Resource endpoints will only expose (and update) documents that match a predefined filter. This allows for multiple resource endpoints to seamlessly target the same database collection. A typical use-case would be a hypothetical people collection on the database being used by both the /admins and /users API endpoints.


This feature allows you to create dynamic views of collections and documents, or more precisely, to decide what fields should or should not be returned, using a ‘projection’. Put another way, Projections are conditional queries where the client dictates which fields should be returned by the API.

$ curl -i http://eve-demo.herokuapp.com/people?projection={"lastname": 1, "born": 1}
HTTP/1.1 200 OK

The query above will only return lastname and born out of all the fields available in the ‘people’ resource. You can also exclude fields:

$ curl -i http://eve-demo.herokuapp.com/people?projection={"born": 0}
HTTP/1.1 200 OK

The above will return all fields but born. Please note that key fields such as ID_FIELD, DATE_CREATED, DATE_UPDATED etc. will still be included with the payload. Also keep in mind that some database engines, Mongo included, do not allow for mixing of inclusive and exclusive selections.

Embedded Resource Serialization

If a document field is referencing a document in another resource, clients can request the referenced document to be embedded within the requested document.

Clients have the power to activate document embedding on per-request basis by means of a query parameter. Suppose you have a emails resource configured like this:

     'emails': {
         'schema': {
             'author': {
                 'type': 'objectid',
                 'data_relation': {
                     'resource': 'users',
                     'field': '_id',
                     'embeddable': True
             'subject': {'type': 'string'},
             'body': {'type': 'string'},

A GET like this: /emails?embedded={"author":1} would return a fully embedded users document, whereas the same request without the embedded argument would just return the user ObjectId. Embedded resource serialization is available at both resource and item (/emails/<id>/?embedded={"author":1}) endpoints.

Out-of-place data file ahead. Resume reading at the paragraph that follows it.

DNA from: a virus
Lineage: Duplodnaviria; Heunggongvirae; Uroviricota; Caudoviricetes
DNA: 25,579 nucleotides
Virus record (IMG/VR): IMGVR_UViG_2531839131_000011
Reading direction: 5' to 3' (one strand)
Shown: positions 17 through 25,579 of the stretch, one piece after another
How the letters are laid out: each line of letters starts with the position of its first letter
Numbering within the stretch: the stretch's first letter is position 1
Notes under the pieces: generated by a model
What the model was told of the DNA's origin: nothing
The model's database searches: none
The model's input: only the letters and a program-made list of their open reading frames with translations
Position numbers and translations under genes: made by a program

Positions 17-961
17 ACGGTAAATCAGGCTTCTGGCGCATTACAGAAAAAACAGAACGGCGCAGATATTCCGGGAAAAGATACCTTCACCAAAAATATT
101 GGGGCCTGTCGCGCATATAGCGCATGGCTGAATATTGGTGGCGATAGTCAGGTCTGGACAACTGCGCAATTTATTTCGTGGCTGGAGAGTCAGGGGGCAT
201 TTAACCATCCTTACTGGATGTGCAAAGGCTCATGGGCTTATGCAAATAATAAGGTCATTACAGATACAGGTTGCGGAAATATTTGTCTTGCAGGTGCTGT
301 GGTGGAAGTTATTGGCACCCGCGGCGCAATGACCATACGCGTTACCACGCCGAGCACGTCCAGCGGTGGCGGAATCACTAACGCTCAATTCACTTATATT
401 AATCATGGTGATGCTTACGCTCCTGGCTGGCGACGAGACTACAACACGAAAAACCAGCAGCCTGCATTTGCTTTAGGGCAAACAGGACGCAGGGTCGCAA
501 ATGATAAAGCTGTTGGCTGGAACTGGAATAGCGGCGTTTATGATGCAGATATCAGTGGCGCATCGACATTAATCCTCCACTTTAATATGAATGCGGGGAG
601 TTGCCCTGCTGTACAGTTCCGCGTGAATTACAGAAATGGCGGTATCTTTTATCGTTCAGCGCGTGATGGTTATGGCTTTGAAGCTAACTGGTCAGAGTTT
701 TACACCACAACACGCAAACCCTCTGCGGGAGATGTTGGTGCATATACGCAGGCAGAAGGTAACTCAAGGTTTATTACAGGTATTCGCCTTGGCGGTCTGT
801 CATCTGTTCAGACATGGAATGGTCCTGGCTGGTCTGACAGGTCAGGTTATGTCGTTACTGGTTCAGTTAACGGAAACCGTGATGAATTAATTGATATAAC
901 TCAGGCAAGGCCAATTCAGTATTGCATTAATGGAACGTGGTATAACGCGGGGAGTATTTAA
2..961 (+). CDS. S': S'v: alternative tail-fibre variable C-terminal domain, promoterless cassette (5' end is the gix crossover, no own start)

Embedding can be enabled or disabled both at global level (by setting EMBEDDING to either True or False) and at resource level (by toggling the embedding value). Furthermore, only fields with the embeddable value explicitly set to True will allow the embedding of referenced documents.

Embedding also works with a data_relation to a specific version of a document, but the schema looks a little bit different. To enable the data_relation to a specific version, add 'version': True to the data_relation block. You’ll also want to change the type to dict and add the schema definition shown below.

     'emails': {
         'schema': {
             'author': {
                 'type': 'dict',
                 'schema': {
                     '_id': {'type': 'objectid'},
                     '_version': {'type': 'integer'}
                 'data_relation': {
                     'resource': 'users',
                     'field': '_id',
                     'embeddable': True,
                     'version': True,
             'subject': {'type': 'string'},
             'body': {'type': 'string'},

As you can see, 'version': True changes the expected value of a data_relation field to a dictionary with fields names data_relation['field'] and VERSION. With 'field': '_id' in the data_relation definition above and VERSION = '_version' in the Eve config, the value of the data_relation in this scenario would be a dictionary with fields _id and _version.

Predefined Resource Serialization